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Wien Alumni Network hosts panel discussion on international migration

Moderator Deborah Berebichez '96, chief data scientist at Metis and TV host at Discovery Channel; panelists Juan Corradi '65, MA'67, PhD '73, professor of sociology at NYU; Vyjayanthi Rao '89, director of Terreform Center for Advanced Urban Research; and Geir Haarde '73, ambassador of Iceland to the United States

What motivates a person to upend their life and travel across the world to live in a country thousands of miles away?

This was among the questions posed to a panel of Wien alumni who came together on March 31 in New York for a discussion on human migration in the 21st century, continuing a Wien Alumni Network tradition of hosting prominent alumni to foster dialogue on issues of global importance through the lens of personal experience. View slideshow of photos from the event.

The distinguished panelists included Geir Haarde ’73, the former prime minister of Iceland and the country’s current ambassador to the United States; Vyjayanthi Rao ’89 (India), director of Terreform Center for Advanced Urban Research; and Juan Corradi ’65, MA’67, PhD’73 (Argentina), professor of sociology at NYU. The panel’s moderator was Debbie Berebichez ’96 (Mexico), chief data scientist at Metis and a TV host for the Discovery Channel.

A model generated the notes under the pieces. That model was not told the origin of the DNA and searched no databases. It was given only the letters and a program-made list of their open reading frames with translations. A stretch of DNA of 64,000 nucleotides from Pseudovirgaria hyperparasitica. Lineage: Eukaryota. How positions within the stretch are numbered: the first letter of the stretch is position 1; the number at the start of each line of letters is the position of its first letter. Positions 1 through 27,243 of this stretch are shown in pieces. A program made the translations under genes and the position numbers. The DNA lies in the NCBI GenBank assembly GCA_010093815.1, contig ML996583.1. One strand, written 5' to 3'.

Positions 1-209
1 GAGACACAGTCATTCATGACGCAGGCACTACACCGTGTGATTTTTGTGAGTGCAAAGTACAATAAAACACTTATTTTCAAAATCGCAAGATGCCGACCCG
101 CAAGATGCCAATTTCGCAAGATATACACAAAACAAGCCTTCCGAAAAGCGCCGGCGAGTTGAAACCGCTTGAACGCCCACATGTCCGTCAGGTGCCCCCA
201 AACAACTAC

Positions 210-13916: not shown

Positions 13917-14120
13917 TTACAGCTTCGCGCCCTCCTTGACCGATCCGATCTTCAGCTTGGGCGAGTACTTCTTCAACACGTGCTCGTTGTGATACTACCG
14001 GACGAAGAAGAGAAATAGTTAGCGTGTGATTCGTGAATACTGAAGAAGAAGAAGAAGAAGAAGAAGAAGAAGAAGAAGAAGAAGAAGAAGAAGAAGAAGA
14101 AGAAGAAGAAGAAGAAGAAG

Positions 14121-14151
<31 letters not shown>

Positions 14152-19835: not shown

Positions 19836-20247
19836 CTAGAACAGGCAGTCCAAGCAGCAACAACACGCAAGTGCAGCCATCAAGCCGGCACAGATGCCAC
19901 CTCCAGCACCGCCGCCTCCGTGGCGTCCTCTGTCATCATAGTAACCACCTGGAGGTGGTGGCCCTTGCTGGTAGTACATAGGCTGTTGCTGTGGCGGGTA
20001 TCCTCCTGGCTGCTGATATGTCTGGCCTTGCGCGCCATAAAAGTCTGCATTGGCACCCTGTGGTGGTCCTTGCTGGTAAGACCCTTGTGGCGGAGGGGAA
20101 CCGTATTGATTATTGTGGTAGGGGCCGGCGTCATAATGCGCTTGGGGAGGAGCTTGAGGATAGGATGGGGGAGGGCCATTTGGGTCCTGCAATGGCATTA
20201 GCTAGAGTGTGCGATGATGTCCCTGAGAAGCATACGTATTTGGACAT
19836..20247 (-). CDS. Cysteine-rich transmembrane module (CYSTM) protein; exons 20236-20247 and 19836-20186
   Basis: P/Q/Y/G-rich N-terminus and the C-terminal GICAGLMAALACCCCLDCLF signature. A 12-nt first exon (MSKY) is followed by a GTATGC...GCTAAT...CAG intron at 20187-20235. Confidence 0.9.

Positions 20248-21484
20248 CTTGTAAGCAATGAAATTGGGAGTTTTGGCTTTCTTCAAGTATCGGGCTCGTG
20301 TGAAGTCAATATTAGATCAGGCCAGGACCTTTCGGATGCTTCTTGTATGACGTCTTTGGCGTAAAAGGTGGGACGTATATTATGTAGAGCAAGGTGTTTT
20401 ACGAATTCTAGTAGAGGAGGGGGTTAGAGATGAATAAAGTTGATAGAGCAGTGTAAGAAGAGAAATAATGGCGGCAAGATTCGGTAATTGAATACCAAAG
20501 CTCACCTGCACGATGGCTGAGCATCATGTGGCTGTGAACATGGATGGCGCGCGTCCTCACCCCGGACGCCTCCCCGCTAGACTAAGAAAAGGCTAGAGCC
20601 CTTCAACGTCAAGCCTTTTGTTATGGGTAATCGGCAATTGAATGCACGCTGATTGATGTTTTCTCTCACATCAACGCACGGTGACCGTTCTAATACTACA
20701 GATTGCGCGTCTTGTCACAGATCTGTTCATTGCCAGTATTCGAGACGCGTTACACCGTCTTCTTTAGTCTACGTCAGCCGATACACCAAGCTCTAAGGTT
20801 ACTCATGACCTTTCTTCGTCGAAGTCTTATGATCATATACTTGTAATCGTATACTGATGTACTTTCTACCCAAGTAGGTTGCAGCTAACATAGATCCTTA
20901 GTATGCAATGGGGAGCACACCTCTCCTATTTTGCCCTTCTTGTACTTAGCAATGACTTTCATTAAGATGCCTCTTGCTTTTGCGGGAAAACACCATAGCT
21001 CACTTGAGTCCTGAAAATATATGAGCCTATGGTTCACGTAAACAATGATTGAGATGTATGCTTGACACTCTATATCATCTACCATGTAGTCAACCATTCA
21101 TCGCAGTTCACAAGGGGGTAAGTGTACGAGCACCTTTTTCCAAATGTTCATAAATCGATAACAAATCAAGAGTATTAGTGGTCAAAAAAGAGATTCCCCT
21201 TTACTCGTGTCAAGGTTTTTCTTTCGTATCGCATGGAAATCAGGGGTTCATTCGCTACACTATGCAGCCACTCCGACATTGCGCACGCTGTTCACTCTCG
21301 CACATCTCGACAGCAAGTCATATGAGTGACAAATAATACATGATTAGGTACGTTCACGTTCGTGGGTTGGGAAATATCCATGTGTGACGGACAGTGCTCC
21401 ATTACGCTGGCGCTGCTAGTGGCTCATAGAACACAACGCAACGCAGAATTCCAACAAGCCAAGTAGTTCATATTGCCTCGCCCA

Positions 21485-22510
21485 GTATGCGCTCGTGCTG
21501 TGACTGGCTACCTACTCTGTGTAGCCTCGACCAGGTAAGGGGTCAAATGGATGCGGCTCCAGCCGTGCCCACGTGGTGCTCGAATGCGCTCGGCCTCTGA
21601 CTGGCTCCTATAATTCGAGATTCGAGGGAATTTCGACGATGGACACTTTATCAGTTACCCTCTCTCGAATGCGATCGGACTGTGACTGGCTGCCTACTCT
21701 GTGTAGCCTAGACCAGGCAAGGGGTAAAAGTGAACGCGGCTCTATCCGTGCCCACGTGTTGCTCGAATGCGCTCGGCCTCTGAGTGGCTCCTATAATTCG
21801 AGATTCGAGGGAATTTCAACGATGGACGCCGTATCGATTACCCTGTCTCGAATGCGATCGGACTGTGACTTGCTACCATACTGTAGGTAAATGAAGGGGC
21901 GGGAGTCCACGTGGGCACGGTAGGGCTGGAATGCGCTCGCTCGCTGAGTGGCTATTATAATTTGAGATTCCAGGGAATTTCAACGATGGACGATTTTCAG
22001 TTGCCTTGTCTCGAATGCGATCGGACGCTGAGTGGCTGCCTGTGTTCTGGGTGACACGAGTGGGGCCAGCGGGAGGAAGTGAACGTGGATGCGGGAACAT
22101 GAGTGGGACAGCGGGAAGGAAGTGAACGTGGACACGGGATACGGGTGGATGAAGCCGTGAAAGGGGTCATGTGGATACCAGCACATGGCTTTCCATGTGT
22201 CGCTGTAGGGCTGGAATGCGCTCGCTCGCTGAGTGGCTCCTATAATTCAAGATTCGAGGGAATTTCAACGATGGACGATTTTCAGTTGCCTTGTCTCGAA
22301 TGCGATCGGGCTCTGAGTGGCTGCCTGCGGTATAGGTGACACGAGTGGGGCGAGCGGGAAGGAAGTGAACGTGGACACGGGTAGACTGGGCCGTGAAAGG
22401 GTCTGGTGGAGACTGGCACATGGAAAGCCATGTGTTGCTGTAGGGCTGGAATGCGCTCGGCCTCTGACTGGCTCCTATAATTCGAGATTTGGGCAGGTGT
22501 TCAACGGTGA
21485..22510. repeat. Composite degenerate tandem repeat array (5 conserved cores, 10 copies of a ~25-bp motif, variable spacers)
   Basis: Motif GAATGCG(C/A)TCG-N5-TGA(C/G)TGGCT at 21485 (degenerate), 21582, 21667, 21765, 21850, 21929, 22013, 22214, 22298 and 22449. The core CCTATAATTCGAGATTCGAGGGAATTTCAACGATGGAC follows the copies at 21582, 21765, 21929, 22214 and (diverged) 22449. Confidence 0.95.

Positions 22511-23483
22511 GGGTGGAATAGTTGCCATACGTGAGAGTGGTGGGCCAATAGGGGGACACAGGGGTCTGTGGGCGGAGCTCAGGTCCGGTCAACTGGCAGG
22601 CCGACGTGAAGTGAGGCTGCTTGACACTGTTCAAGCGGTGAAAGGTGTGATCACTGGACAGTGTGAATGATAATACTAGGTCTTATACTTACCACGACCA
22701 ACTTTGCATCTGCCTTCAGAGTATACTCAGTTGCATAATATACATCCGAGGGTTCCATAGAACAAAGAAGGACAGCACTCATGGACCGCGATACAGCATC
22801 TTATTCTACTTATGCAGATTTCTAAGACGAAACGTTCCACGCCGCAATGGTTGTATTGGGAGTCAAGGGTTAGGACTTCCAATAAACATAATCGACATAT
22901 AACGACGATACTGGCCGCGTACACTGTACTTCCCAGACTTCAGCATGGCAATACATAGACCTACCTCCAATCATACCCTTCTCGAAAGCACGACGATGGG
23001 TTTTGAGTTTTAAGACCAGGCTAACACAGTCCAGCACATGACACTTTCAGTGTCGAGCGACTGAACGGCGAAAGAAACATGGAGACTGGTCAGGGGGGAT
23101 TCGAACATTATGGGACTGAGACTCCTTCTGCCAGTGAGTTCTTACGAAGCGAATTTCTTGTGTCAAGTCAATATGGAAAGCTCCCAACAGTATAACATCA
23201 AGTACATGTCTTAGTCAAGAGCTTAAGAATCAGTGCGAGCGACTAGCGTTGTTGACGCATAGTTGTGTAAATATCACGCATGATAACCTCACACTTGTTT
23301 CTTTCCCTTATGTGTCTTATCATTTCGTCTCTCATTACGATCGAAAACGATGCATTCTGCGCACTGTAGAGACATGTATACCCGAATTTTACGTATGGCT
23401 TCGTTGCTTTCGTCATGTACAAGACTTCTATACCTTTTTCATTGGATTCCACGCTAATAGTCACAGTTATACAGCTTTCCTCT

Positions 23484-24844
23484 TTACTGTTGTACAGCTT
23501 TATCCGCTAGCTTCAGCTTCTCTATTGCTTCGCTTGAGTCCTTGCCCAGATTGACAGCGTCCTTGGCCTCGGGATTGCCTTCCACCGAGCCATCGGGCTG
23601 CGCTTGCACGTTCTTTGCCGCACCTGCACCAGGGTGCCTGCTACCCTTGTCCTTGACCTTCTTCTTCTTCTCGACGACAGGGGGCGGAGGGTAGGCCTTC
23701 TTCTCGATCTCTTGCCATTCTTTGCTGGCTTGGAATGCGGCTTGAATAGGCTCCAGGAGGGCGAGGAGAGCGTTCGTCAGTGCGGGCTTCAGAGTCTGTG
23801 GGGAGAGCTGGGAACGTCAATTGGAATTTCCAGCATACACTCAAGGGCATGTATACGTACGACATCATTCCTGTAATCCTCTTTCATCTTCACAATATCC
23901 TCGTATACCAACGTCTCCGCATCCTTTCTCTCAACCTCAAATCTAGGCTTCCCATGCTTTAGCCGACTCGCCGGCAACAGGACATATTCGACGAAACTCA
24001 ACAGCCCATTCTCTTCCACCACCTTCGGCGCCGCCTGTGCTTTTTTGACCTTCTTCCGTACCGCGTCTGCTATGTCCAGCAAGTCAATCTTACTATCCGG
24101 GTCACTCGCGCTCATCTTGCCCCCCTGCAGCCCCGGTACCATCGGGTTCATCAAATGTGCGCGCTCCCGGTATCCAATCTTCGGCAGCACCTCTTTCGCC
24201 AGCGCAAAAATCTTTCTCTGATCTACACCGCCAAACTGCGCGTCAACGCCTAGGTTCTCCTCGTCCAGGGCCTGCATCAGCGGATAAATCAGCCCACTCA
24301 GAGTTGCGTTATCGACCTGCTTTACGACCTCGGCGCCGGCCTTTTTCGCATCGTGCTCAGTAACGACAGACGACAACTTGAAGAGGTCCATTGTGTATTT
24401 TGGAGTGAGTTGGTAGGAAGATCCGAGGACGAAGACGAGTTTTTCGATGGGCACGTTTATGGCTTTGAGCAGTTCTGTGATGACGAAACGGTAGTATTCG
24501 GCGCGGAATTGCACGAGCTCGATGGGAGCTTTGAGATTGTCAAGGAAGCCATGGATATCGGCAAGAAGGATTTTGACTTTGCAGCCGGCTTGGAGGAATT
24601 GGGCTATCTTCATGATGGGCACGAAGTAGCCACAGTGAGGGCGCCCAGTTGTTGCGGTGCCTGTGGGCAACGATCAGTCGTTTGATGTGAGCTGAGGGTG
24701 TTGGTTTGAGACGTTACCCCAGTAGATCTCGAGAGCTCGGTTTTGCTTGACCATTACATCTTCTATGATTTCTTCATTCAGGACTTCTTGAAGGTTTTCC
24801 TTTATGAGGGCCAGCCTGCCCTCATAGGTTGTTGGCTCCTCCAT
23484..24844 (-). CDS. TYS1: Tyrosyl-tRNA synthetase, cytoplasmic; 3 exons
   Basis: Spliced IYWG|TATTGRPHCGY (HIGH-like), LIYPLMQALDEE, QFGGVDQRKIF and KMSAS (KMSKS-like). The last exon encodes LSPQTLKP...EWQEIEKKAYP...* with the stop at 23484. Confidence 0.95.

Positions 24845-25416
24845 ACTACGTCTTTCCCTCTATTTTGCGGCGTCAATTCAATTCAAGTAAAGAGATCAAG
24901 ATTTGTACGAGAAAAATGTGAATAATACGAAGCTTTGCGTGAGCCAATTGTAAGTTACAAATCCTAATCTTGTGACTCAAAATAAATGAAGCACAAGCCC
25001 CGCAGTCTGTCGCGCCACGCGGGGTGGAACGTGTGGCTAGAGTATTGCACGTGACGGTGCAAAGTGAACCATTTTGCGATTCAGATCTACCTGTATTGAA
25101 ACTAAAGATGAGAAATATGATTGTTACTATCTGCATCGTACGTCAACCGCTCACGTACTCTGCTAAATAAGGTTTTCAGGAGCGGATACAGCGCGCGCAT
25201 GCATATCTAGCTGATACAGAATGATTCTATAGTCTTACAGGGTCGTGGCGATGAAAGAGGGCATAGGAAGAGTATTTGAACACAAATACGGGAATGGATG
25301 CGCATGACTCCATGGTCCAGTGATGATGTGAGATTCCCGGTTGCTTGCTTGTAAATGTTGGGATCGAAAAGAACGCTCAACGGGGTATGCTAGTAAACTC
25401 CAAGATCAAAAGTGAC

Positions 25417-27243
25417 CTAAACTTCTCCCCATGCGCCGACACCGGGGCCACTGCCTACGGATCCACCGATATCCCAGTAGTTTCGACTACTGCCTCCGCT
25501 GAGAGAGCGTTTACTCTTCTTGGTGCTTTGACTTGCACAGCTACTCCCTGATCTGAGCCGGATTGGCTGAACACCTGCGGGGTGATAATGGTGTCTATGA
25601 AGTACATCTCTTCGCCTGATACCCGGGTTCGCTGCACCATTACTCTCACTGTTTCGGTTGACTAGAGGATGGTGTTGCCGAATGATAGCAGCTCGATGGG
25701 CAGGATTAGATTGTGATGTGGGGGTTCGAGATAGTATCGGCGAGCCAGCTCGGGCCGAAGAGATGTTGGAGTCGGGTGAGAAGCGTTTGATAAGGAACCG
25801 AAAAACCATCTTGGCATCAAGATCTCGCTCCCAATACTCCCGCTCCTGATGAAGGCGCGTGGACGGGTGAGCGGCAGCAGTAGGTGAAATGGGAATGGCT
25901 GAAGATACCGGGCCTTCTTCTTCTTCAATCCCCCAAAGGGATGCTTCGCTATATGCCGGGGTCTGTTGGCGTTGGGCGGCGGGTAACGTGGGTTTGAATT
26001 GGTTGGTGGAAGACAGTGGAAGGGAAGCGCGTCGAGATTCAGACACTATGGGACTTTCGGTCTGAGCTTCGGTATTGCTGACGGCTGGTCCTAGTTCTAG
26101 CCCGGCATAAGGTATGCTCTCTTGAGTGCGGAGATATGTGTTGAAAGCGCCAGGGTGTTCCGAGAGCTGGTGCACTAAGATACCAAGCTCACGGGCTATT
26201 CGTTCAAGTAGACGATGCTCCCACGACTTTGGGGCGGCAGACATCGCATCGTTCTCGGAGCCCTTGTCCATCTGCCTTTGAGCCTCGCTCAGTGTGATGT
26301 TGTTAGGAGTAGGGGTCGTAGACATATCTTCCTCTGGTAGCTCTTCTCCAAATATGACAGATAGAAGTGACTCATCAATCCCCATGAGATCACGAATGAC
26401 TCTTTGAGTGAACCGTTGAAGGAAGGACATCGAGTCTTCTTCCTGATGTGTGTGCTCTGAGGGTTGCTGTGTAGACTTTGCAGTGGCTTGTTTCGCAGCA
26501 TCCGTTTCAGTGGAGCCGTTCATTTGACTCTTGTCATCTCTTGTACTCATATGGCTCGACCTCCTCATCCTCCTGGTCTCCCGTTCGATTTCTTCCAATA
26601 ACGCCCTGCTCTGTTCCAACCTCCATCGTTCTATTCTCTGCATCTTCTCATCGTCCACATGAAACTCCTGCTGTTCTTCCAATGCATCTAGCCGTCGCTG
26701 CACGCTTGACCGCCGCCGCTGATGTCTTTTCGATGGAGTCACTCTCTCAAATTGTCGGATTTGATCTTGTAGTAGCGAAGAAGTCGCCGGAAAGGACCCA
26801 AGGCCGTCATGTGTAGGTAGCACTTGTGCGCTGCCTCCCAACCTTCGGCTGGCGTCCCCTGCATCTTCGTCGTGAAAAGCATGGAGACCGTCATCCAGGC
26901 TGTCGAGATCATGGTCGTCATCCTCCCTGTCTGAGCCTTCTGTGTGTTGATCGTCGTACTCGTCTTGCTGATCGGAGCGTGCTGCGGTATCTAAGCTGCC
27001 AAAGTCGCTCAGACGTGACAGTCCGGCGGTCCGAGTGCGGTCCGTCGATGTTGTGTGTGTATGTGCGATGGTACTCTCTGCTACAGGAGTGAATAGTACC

There are few topics timelier than the state of human migration in the world today, with unprecedented population growth, global economic interconnectedness and refugee crises unfolding in the Middle East and other regions. The panel discussion and ensuing Q&A with the audience of more than 50 alumni and guests continued for more than 90 minutes, but there were a few key takeaways:

-- People feeling the pull of “greener pastures” is a phenomenon that long predates the nation state, yet successive waves of migration have helped define national identities, perhaps nowhere more so than the United States. The panelists challenged the audience to take a step back and frame today’s often divisive discourse in terms of the longer arc of history.

-- While newcomers can provoke negative, panicked reactions in societies, particularly in times of economic, social or electoral turmoil, our global economy and increasingly interconnected world would be scarcely recognizable if not for the presence of new people, physical or virtual. 

-- The panelists pointed out that it is extremely difficult to generalize the stories of so many who uproot themselves and their families to relocate to a place with a vastly different culture, language and climate. But it is important to recognize how their presence can enrich society, and our lives, and do our best to depoliticize the discourse around how we integrate immigrants into our communities.

The panelists, each of who had their own migration story bound by the common thread of Brandeis and the Wien scholarship, the words they chose to define their motivation to leave their home and make a new life – opportunity, hope, cosmopolitanism and freedom – no doubt rung true for many of those in attendance.

Categories: Events
Date: March 31, 2016